In an open field, the eloquent preacher spoke of atrocities committed upon Christians by the Muslims. Pope Urban maligned the Saracens oppressing Christians, his speech cleverly fashioned to incite the crowd. He offered salvation, giving hope to the hopeless, calling upon rich and poor alike to embark on a righteous war. Pope Urban promised a full remission of sins if people died during the journey or on the battlefield. The chant Deus Vult, God wills it, echoed throughout the crowd.

Pope Urban’s successful oration created the armies of the First Crusade. Although religion was the driving force, the nobility and lowly knights sought land and wealth. They would give no quarter since the Church condoned killing.


The Armies

Peter of Amiens took Pope Urban at his word, leaving without paying heed to logistics – a coordinated campaign, led by princes and noblemen, acquiring manpower, provisions and money, a lot of money to pay the soldiers, and purchase supplies along the route.


Peter of Amiens*

Known as Peter the Hermit, the lowly monk preached to the peasants from Claremont to Amiens before setting out to Cologne, following the Rivers Rhine and Danube, reaching Constantinople before Pope Urban’s officially sanctioned army. Known as the People’s Crusade or the Peasants’ Crusade, the ill-fated collection of pilgrims failed to reach the Holy Land, most perishing on the road to Nicaea.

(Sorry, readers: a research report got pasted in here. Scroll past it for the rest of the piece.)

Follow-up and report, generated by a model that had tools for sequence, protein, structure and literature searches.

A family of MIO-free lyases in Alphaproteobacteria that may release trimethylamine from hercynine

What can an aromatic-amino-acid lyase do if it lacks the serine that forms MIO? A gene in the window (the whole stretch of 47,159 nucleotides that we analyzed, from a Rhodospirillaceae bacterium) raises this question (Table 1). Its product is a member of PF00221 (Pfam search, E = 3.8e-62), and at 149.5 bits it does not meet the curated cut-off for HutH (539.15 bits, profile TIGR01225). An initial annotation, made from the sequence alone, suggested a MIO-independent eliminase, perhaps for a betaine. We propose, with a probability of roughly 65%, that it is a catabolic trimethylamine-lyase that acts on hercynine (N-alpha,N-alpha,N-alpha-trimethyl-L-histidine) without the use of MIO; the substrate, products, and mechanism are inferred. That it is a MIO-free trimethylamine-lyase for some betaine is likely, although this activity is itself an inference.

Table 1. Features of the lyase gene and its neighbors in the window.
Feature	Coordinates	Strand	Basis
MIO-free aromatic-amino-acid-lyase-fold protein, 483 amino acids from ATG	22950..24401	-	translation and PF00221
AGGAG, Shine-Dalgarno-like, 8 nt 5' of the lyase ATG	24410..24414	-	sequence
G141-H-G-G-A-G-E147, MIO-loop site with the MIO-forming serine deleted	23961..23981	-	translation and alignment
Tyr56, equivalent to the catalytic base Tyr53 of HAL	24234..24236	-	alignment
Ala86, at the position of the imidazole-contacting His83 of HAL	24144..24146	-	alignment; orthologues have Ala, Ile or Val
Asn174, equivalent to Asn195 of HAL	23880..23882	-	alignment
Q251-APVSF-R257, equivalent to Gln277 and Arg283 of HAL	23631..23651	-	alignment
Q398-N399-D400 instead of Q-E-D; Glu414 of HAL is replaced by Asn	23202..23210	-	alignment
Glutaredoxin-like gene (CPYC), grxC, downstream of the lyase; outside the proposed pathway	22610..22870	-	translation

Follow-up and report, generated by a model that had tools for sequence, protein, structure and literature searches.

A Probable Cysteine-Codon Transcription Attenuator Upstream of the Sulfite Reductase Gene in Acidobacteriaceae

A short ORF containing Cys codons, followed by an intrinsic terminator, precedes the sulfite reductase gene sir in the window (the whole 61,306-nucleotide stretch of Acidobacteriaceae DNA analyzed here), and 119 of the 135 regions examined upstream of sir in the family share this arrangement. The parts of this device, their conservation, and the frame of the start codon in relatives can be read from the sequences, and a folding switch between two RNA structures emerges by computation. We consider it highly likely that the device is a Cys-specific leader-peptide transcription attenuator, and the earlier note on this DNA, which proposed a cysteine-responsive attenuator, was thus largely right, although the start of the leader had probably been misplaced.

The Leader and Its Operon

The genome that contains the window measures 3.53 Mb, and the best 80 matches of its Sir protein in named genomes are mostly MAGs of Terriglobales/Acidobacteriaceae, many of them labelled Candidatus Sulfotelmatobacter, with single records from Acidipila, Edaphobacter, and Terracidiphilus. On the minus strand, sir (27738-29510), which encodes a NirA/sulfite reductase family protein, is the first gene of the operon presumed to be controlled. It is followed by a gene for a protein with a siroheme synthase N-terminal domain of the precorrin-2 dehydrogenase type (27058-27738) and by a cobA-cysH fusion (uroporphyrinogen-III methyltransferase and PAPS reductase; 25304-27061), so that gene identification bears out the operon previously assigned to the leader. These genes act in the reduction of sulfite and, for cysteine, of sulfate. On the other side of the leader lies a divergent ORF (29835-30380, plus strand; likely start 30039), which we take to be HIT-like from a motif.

The First Crusade*

The peasants risked everything to reclaim the Holy Land for God, proudly wearing the Cross. They were ill-equipped, mostly farmers, men, women, and children. They left behind land they did not own, carrying meagre possessions with them, believing Pope Urban’s words about attaining salvation, their sins forgiven.

Peter could not control the unruly mob who ravished the land with such ferocity that it sent chills down the spines of the Turkish people when word reached their ears of the rabble’s murderous deeds.

The Princes’ Crusade consisted of four main armies, leaving Europe in August 1096, the planned departure date, and several months after Peter’s Army of Peasants. To the aristocracy, fighting for Christ was an honour, elevating their standing within the hierarchy, commanding respect and awe from the masses. While saving souls was the catalyst, attaining wealth in a land flowing with milk and honey, controlling centres of trade, satisfied their ambition.

trumpet blast

Crusaders arrive in Jerusalem*


The First Crusade was a holy war that had the blessing of God, according to Pope Urban. The Commandment, thou shall not kill, was ignored when fighting the infidel. In retaliation, the Muslims raged a Holy War against the Christians. The apoplectic war of the two faiths continues to this day.

The First Crusade saw the establishment of the Crusader States and the Knights Templar and Knights Hospitaller military orders. The role of the Roman Popes progressed in secular affairs. Alliances deteriorated between the Latin West and Greek East. Subsequent crusades failed to keep Jerusalem under Christian control.